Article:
Formative and Summative Assessment in Agricultural Engineering and Technology Courses

Steward, Brian
Brumm, Thomas
Mickelson, Steven
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Engineering education is undergoing a transformation with a shift in focus to student outcomes. While many efforts to assess student outcomes have been at the curriculum level, assessment must also be done at the course level since this is where much learning and instruction takes place. Multiple summative and formative assessments were employed in a two-year study of student perceptions of their learning and the instructional methods in two related agricultural engineering and agricultural technology courses at Iowa State University. The goal of these efforts was to better understand how students learn so that instructional methods can be changed to better promote learning. Formative assessment tools included a weekly e-mail feedback journal and a midterm electronic survey using WebCT. Summative assessment tools included focus groups and end-of-term student evaluations of instruction (SEI). Based on the e-mail journals and the midterm survey, several adjustments were made to the courses during the course terms; such as bringing more real-world examples into the classroom, providing more example problems in the class, and providing review based on students’ electronic questions. The focus groups and SEI were used to better understand the effectiveness of these formative assessment tools and the relationship between student learning and instruction.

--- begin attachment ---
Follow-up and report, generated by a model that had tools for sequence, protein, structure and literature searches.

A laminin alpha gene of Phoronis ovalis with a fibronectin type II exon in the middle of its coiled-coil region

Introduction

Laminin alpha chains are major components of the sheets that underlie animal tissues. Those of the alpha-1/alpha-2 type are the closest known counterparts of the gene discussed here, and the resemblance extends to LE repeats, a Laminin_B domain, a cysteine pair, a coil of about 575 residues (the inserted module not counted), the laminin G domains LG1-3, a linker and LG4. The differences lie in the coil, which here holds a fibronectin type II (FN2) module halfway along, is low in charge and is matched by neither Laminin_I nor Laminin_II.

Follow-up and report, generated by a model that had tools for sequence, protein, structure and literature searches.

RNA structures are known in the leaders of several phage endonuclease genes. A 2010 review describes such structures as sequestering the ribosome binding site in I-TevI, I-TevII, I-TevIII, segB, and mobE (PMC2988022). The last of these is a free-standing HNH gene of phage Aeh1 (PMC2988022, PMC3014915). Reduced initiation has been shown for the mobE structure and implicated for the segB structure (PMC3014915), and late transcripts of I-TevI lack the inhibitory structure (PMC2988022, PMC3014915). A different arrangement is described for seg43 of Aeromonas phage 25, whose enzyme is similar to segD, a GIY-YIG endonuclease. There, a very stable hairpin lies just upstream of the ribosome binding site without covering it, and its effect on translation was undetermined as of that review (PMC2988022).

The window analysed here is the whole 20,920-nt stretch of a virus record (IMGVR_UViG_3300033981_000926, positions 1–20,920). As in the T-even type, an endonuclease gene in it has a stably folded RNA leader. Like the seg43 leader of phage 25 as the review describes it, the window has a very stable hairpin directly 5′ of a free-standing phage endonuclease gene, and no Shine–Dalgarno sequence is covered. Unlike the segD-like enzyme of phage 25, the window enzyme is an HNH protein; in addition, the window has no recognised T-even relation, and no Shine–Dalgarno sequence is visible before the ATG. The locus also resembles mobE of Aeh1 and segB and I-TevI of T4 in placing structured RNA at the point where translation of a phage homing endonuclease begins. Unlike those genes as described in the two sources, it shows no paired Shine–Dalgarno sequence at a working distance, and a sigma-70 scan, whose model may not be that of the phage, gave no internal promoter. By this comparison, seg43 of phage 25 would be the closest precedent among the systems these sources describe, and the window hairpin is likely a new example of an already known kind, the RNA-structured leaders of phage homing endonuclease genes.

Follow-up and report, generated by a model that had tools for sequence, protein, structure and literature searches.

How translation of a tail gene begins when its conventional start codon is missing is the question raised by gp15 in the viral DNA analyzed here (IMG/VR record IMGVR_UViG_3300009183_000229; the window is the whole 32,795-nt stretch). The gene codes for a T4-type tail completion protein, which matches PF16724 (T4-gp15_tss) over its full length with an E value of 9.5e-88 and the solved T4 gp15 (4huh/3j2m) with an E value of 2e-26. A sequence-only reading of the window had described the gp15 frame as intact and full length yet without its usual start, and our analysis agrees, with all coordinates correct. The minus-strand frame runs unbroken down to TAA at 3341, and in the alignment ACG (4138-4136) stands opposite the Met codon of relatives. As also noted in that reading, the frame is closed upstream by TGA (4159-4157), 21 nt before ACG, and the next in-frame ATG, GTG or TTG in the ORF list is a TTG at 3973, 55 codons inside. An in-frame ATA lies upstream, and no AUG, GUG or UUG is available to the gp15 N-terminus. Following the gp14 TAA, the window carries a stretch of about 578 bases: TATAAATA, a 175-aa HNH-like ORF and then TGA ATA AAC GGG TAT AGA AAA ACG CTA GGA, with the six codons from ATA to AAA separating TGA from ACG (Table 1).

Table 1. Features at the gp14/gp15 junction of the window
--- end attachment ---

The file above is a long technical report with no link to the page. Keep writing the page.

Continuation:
Education, fluid power, e-mail journals, focus groups, survey, student evaluation of instruction